Now, having read Liza Cody's latest, which is not (alas in some ways) an Anna Lee or a Bucket Nut, but just as excellent, alignment and interest drawing on music and musicians experience as in Gimme More, Ballad of a Dead Nobody is the remorseless anatomy of musical talent, combined with its amazing strengths and appalling vulnerabilities.
Ballad concerns the brief life of the child and teenager, Elly Astoria, singularily blessed with perfect pitch and given a small Yamaha keyboard, but precious little else, except a dog, eventually.
Her supporting cast are Briony, Ayisha, Finn and Maddy who comprise the Sisterhood band and her other major players are band manager Tom and his sister Carol.
When the murder occurs at a weekend, no murderer can be discovered. A wannabe writer Amy, fired and dumped by writer lover, determines to turn Elly-biographer and starts to re-track the key players.
It results in a list of eleven potential murderers and no definitive resolution even at the late stage of nine pages to the book's ending!!
No. Don't even try that short cut of looking at the last chapter. You'll only get a long story in an unrelated Devon kitchen, all about a dog called Ruby.
But yes, Gaberlunzie is willing to offer you two vital bits of information that will help you to know when the revelation is about to break.
It's technology, of course, that comes into play in the form of a laptop computer and then the problems of starting a stalled American automatic car. It's technology that contributes to "taking the route less travelled" and that has made all the difference.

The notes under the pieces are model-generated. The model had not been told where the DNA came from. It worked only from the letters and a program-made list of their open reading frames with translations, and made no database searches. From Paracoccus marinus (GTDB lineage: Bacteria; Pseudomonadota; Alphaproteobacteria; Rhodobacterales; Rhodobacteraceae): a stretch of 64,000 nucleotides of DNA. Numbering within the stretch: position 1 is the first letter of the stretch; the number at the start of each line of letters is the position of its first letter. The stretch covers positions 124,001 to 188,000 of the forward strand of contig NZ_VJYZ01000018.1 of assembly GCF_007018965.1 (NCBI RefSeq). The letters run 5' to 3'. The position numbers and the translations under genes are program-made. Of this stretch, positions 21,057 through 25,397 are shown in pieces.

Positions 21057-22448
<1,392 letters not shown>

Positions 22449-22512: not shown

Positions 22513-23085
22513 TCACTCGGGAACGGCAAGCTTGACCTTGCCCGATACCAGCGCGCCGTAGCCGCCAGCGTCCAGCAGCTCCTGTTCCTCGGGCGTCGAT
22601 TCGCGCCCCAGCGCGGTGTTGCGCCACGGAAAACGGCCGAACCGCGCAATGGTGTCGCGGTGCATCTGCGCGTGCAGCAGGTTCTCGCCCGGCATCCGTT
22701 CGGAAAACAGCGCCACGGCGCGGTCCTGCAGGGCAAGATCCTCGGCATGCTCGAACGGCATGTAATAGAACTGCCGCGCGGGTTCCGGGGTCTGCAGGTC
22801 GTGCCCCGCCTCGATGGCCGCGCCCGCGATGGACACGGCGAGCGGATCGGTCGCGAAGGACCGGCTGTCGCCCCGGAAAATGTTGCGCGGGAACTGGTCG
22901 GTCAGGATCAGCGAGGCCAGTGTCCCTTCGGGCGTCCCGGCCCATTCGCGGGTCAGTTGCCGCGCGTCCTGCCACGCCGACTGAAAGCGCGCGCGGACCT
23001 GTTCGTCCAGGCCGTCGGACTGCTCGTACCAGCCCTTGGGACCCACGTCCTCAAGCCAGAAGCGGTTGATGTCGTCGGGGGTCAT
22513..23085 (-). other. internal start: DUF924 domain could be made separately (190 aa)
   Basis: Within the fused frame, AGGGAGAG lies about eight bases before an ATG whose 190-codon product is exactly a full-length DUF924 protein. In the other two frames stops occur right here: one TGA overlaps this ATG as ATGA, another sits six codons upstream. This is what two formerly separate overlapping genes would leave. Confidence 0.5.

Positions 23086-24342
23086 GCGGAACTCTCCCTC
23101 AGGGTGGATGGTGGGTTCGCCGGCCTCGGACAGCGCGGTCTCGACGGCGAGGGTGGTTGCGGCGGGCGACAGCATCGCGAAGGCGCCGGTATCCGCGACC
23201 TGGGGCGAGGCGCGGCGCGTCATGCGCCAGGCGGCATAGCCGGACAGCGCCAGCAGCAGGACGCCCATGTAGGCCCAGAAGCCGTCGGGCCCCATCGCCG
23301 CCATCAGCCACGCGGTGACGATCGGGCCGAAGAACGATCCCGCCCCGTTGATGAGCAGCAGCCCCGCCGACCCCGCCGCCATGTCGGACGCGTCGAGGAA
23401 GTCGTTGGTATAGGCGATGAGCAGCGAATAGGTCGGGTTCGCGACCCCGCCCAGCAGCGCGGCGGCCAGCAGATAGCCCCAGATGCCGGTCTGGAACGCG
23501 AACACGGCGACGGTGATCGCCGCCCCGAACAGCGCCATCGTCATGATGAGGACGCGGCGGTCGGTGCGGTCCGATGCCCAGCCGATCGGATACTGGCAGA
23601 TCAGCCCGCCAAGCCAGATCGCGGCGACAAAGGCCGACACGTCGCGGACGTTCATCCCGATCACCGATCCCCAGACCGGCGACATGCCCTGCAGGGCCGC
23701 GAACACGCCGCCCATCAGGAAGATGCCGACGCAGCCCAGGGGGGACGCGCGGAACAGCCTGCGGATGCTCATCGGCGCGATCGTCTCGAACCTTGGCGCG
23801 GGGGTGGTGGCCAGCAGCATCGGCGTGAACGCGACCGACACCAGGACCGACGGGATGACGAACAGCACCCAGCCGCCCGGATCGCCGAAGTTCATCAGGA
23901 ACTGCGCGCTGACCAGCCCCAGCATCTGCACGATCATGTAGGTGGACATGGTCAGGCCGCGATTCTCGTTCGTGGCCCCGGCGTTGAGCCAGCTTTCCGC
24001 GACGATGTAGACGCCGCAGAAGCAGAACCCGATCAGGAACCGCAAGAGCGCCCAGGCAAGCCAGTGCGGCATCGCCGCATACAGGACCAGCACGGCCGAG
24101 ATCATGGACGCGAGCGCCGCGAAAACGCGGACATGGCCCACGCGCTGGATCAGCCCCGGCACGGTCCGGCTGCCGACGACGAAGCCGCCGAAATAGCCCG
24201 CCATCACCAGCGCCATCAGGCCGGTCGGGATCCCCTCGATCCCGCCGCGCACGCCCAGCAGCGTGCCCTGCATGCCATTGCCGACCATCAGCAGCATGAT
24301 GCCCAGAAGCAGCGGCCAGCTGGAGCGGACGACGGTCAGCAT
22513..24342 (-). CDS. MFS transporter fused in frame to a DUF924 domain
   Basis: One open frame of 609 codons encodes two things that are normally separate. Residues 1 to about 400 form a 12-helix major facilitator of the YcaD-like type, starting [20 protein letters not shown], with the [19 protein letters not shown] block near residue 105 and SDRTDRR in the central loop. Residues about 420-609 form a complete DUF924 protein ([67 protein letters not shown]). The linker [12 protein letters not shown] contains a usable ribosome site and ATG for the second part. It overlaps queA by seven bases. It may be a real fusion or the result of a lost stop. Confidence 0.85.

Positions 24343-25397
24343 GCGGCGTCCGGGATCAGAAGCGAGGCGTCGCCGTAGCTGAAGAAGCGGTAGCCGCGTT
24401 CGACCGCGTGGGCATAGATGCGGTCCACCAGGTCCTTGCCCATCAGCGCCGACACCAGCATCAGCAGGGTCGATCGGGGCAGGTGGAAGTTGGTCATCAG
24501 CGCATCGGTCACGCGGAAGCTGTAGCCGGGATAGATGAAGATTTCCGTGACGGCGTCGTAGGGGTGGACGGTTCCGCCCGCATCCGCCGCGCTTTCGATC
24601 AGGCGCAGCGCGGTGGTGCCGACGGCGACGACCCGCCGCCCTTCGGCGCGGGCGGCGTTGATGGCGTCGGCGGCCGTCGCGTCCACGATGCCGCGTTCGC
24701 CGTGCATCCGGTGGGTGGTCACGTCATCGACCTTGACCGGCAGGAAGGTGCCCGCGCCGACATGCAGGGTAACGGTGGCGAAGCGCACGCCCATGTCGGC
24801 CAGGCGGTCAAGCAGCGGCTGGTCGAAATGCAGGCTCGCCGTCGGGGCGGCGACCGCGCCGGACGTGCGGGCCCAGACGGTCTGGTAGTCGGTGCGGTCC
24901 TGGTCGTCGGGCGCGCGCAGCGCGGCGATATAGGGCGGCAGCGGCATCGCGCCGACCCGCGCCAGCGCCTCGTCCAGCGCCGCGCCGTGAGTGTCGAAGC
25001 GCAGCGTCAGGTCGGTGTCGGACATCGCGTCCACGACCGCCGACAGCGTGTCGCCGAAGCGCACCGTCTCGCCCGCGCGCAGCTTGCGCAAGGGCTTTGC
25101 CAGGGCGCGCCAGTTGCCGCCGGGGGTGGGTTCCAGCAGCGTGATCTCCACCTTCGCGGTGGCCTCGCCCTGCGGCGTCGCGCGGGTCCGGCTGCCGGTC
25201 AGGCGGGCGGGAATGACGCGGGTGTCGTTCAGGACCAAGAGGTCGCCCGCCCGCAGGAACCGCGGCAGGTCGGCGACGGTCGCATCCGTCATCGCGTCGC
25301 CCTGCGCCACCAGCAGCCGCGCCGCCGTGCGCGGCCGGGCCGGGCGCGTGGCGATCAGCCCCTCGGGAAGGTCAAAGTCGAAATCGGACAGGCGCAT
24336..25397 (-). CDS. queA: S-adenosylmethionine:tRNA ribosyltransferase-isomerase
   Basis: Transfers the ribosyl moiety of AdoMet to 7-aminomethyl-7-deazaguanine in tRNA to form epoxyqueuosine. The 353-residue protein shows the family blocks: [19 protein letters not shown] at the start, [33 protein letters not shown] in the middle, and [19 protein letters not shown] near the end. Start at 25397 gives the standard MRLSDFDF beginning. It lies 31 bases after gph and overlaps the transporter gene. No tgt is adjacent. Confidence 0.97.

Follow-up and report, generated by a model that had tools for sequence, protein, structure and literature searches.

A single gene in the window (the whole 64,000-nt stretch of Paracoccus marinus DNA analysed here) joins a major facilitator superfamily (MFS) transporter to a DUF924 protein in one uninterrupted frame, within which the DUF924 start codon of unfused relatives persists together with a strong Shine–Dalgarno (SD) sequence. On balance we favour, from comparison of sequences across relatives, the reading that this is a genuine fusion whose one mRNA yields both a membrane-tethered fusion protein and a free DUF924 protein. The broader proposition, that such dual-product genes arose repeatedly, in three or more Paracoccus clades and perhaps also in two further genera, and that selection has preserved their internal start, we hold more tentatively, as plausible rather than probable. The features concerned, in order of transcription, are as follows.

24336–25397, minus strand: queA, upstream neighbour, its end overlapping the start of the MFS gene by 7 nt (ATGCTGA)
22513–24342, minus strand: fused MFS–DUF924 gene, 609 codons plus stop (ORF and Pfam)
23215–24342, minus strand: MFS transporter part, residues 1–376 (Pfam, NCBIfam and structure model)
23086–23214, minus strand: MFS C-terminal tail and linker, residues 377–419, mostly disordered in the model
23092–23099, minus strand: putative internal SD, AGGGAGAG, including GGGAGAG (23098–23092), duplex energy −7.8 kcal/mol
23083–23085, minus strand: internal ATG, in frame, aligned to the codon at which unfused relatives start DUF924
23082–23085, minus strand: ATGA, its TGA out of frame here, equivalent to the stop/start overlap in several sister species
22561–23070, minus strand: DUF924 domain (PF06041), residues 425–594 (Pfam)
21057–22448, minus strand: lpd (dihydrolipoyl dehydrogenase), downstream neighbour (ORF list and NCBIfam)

As ever, this is pure Cody. A book that does not demand of its readers any "willing suspension of disbelief." It simply delivers totally and often really uncomfortable characters, scenarios and thoughts that will embed themselves in your mind, exactly like that tune you just can't quite be quit off.
Browsing around the Cody site , one wonders how on earth writers are ever going to make a living at $2.99 for the electronic edition on Kindle, Nook and other major platforms!
Actually why has no-one ever carried Cody's novels into film? Gaberlunzie has been aching for someone to film "American Gods," "The City and the City" "The Magic Walking Stick" especially since (sigh of relief) they made such a good job of "Dean Spanley."
In Cody's discussion page, one Kindle commentator notes that: "Your book is better prepped than most with lots of section heads so you can find things even without page numbers [What?! How ever could you review a book without page numbers?] Also no hanging paragraphs, no strange typos. Bravo!!
Gaberlunzie was brooding on acquiring an e-book. He's hastily un-brooding. But he really does like the Japanese query from the Emeritius Professor Masayoshi Yamada of Linguistics at Shimane University re-"porking joke."
Now for the patience bit to await the next novel! Seems like re-reading may be called for yet!